Friday, 13 May 2011

The Life and Times of Tom and Jerry - Part 4

The late 80's and early 90's was the period when "kiddiefying" popular characters became the "trend", and not even Tom and Jerry could escape it. Thus Hanna-Barbera Productions, along with Tom Ruegger, created and produced Tom and Jerry Kids which, for the most part, was the closest attempt at reviving the characters and their slapstick violence to date. Also involved were Droopy (with son Dripple), Spike and Tyke (in an Augie Doggie and Doggie Daddy-type role) and Tex Avery's Wolf and Red (alias McWolf and Miss VaVoom here).

By this point, Hanna-Barbera's company had really upped their game in terms of animation, so seeing these guys in full movement and doing what they do best over the next 4 seasons made this a far better attempt than the various outsourced areas before. Although one still wonders why ONLY Tom and Jerry were deaged if; A) they were now allowed to get away with the same wild humour as before; and; B) if none of the other main characters were "kiddiefied" either.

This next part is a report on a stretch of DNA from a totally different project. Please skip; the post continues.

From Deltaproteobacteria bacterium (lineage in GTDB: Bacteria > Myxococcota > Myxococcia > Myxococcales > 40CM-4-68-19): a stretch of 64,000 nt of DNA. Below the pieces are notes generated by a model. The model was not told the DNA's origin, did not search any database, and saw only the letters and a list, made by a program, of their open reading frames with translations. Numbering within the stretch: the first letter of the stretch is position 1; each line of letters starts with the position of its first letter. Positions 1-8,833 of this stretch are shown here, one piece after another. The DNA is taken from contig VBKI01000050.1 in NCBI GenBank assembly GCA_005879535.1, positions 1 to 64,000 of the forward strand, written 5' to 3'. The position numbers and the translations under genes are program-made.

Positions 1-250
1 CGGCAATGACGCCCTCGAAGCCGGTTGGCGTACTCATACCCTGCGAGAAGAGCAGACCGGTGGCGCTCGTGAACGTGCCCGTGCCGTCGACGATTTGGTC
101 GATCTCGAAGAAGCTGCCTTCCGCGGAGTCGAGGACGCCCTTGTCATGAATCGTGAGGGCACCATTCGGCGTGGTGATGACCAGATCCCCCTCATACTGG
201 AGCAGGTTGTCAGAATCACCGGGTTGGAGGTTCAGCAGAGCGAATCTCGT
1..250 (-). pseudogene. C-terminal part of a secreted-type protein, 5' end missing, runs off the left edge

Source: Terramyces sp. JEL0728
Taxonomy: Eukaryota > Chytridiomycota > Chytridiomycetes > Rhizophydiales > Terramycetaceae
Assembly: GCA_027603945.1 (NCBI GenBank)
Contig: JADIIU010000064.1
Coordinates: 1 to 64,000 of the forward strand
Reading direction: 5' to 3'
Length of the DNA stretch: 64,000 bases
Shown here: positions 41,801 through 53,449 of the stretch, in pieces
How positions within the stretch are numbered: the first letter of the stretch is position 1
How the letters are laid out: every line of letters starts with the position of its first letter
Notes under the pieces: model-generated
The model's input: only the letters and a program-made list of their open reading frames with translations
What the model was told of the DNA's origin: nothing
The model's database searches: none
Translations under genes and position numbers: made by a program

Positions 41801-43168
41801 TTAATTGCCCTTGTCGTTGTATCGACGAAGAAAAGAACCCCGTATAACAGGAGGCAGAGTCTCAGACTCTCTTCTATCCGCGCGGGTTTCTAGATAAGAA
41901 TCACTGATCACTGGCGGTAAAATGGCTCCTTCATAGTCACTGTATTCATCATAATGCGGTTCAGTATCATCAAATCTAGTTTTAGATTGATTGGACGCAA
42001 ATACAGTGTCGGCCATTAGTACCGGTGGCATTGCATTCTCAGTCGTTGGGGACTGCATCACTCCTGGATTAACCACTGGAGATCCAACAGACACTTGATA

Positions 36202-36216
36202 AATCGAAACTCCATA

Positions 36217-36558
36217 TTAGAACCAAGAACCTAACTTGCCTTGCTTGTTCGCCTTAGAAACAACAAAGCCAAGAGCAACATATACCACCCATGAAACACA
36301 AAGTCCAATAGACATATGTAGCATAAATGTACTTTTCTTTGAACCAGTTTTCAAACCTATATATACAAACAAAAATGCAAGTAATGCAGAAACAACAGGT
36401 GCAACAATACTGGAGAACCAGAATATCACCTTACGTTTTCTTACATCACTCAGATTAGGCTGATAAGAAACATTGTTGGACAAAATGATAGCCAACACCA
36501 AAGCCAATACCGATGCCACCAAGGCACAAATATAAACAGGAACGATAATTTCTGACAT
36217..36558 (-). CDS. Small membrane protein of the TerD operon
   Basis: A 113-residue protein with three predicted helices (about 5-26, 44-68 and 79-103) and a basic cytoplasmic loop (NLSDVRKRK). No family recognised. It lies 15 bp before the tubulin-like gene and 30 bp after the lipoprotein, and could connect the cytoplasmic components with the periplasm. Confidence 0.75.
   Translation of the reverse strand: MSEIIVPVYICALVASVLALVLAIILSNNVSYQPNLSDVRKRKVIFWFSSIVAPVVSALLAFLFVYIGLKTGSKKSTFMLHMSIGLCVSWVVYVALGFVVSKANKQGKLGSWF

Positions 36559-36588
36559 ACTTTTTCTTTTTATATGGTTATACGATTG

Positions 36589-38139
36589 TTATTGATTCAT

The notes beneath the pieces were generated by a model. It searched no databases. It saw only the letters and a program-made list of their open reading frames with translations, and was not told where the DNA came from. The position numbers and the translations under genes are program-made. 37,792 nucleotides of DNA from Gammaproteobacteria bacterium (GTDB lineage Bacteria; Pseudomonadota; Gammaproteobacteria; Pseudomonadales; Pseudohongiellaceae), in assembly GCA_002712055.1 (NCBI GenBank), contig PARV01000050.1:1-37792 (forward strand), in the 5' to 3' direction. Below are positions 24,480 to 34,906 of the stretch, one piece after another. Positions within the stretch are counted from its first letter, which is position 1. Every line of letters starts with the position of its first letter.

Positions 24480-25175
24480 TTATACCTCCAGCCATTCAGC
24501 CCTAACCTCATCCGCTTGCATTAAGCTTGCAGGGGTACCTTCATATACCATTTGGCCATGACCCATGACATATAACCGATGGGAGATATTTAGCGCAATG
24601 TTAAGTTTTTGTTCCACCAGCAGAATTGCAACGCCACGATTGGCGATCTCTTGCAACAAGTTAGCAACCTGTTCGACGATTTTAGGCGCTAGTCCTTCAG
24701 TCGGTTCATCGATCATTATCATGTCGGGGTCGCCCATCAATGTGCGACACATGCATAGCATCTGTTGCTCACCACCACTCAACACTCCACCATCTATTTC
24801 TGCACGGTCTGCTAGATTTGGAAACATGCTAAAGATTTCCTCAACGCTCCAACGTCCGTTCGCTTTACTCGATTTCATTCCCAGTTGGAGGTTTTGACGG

Whilst we on the same page, does anyone else remember the other character exclusive for this series - Calaboose Cal, Wildmouse, Slowpoke Antonio, Clyde and Kyle Cat...?

Nope. Thought not. I am officially old =P

Come the release of the Boomerang Channel in 2001 (when it used to air all classic cartoons on a regular basis), The Mansion Cat was especially made for it, the first "new" T&J short produced and directed by Bill and Joe (featuring the voice of Joseph Barbera) and also the last short made before their company became absorbed into Warner Bros. Animation. It was an attempt to recapture the classic humour and set-up in a modern-day setting, with Tom and Jerry (proper "ages" once more) resorting to using modern appliances and devices in exchange of the "old hat" hammer and anvil.

In all, it gained some mixed views and would have been best left alone. But no...

Next time: Tom and Jerry join Scooby-Doo on the marketing cart.

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